Unesco study claims that young people would be ‘groomed’ by dissident groups in wake of no deal
Young people in Northern Ireland will be “groomed into violent activity” if a hard Border emerges after Brexit, a stark new report has warned.
The return of violence on this island is inevitable with the “only issue” being on what scale. The study compiled by the chairs of two Unesco committees also warns that rushing into a referendum on a united Ireland would also result in conflict.
A key problem identified by Professors Mark Brennan and Pat Dolan is that the ‘Agreement Generation’ has no memory of the harm caused by the decades of bloodshed.
They say older people have not shared enough about ‘the horrors of war’ that is termed ‘the period of the troubles’. Instead some of the violence has been ‘romanticised’.
“This lack of capacity to discuss in real ways what happened can unintentionally act in favour of those who would prefer to give youth (and particularly vulnerable and impressionable young people) a false, almost romantic, retrospection of the past up to and including a very sectarian analysis,” the report states.
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It adds that nationalist youths, who are marginalised, will be susceptible “to being groomed into violent activity by dissident republicans including the ‘New IRA'”.
The dissident ‘New IRA’ group is believed to have planted a car bomb which went off outside the courthouse in Derry last month.
The professors say the deconstruction of a Border “swiftly after its creation could become the absolute raison d’etre for youth becoming engaged in violence”.
In stark terms, the report states: “In as little as six weeks it is possible that a hard Border could materialise due to a no-deal Brexit triggering a return to violence in Northern Ireland.”
It says that “all indications” that pushing for a Border poll against this backdrop – as advocated by Sinn Féin – would also spark violence.
“The only question in both scenarios will be the scale of the violence.”
Prof Brennan is the Unesco chair for community, leadership, and youth development and professor of leadership and community development at the Pennsylvania State University.
Prof Dolan is director of the Unesco Child and Family Research Centre at the National University of Ireland, Galway, and holds the Unesco chair in children, youth and civic engagement.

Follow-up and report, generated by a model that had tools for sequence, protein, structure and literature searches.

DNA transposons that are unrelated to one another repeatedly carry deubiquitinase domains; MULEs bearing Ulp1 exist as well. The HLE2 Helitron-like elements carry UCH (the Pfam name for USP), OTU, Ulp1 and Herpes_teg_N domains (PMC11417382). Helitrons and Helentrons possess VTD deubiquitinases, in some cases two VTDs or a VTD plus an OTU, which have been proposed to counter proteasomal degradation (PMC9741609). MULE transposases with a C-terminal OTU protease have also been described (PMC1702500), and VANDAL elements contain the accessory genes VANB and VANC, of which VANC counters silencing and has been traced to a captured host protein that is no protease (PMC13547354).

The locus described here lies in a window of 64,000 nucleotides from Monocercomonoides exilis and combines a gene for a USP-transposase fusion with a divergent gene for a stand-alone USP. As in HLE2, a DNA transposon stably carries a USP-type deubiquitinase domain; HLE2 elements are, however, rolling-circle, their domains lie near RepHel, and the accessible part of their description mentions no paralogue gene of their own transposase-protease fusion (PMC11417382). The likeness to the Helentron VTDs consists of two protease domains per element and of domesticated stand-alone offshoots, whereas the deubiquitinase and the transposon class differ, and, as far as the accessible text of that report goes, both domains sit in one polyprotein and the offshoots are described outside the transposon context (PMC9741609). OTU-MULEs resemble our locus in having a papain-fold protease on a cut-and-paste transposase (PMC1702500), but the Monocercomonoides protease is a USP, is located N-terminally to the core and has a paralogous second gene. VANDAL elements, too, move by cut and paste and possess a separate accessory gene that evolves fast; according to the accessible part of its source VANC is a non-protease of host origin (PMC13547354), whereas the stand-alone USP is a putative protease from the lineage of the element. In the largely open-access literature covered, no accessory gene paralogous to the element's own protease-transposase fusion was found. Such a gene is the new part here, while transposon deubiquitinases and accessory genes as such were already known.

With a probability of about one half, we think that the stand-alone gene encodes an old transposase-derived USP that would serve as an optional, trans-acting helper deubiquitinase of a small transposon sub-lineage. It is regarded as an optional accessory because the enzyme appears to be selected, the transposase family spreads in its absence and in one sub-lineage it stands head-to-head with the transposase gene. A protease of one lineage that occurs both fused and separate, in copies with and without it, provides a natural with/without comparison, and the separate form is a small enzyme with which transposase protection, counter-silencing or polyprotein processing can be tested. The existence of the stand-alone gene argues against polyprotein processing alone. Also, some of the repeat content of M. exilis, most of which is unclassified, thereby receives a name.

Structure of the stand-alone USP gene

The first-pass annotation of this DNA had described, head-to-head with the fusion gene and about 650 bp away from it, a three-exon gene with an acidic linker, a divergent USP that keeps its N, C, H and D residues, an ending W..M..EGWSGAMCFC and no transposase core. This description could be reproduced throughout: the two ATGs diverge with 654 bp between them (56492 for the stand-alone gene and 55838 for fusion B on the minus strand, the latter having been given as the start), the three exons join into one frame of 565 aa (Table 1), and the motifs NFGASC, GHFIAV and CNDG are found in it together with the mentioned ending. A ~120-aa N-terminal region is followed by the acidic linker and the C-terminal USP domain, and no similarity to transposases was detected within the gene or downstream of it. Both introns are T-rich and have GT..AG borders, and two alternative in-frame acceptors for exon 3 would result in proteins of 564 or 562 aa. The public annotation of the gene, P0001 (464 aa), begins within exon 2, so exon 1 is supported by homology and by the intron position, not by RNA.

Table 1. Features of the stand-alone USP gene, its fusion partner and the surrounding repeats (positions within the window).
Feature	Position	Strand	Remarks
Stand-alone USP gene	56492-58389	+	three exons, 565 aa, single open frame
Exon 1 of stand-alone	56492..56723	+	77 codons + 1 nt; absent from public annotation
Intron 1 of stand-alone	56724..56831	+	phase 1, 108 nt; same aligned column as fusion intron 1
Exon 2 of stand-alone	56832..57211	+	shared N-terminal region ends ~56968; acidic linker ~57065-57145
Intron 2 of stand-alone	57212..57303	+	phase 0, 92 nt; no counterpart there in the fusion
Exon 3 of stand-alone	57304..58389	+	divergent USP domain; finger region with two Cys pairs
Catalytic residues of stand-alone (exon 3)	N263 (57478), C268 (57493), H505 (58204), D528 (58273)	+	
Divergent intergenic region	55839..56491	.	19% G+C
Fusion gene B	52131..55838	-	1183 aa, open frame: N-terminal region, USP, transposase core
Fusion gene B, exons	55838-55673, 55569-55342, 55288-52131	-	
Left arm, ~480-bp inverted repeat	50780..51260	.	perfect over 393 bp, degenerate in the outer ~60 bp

They were assisted by Michael Ortiz, a renowned expert in counter-terrorism and former security adviser to the Obama administration in the US.
According to the study, which was complied in conjunction with Fianna Fáil senator Mark Daly, the British and Irish governments have done little to ensure social or economic security since the Good Friday Agreement was signed.
The flag protests which took place at the end of 2012 and throughout 2013 as a result of a decision to fly the union flag at Belfast City Hall only on designated days is cited “past evidence” of how quickly problems can escalate. Dozens of police officers were injured and scores arrested during the loyalist demonstrations.
The report says a return to violence would result in increased security costs, damage to property, a jump in prison numbers and loss of life.
Among the recommendations is anti-extremism campaigns aimed at young people.
The authors also say a “critical part of preventing violent extremism is to be found in community level leadership”.
However, they say in some areas in Northern Ireland “those community leaders are the ones who are involved in the radicalisation of the youth, an issue that has to be tackled as a matter of urgency”.
Senator Daly said last night that the report highlights the need for the UK government to stand by the backstop which is currently being blamed for the Brexit impasse.
“This will ensure that the peace process on this island is not jeopardised by a no-deal Brexit-related hard Border. The EU needs to ensure there is no return to a hard Border in light of the facts outlined in the Unesco chairs report,” he said.
Mr Ortiz says future violence can be prevented but there is a need to strengthen counter-terrorism and law enforcement efforts.
He also calls for extra supports for civil society organisations, and religious and educational institutions.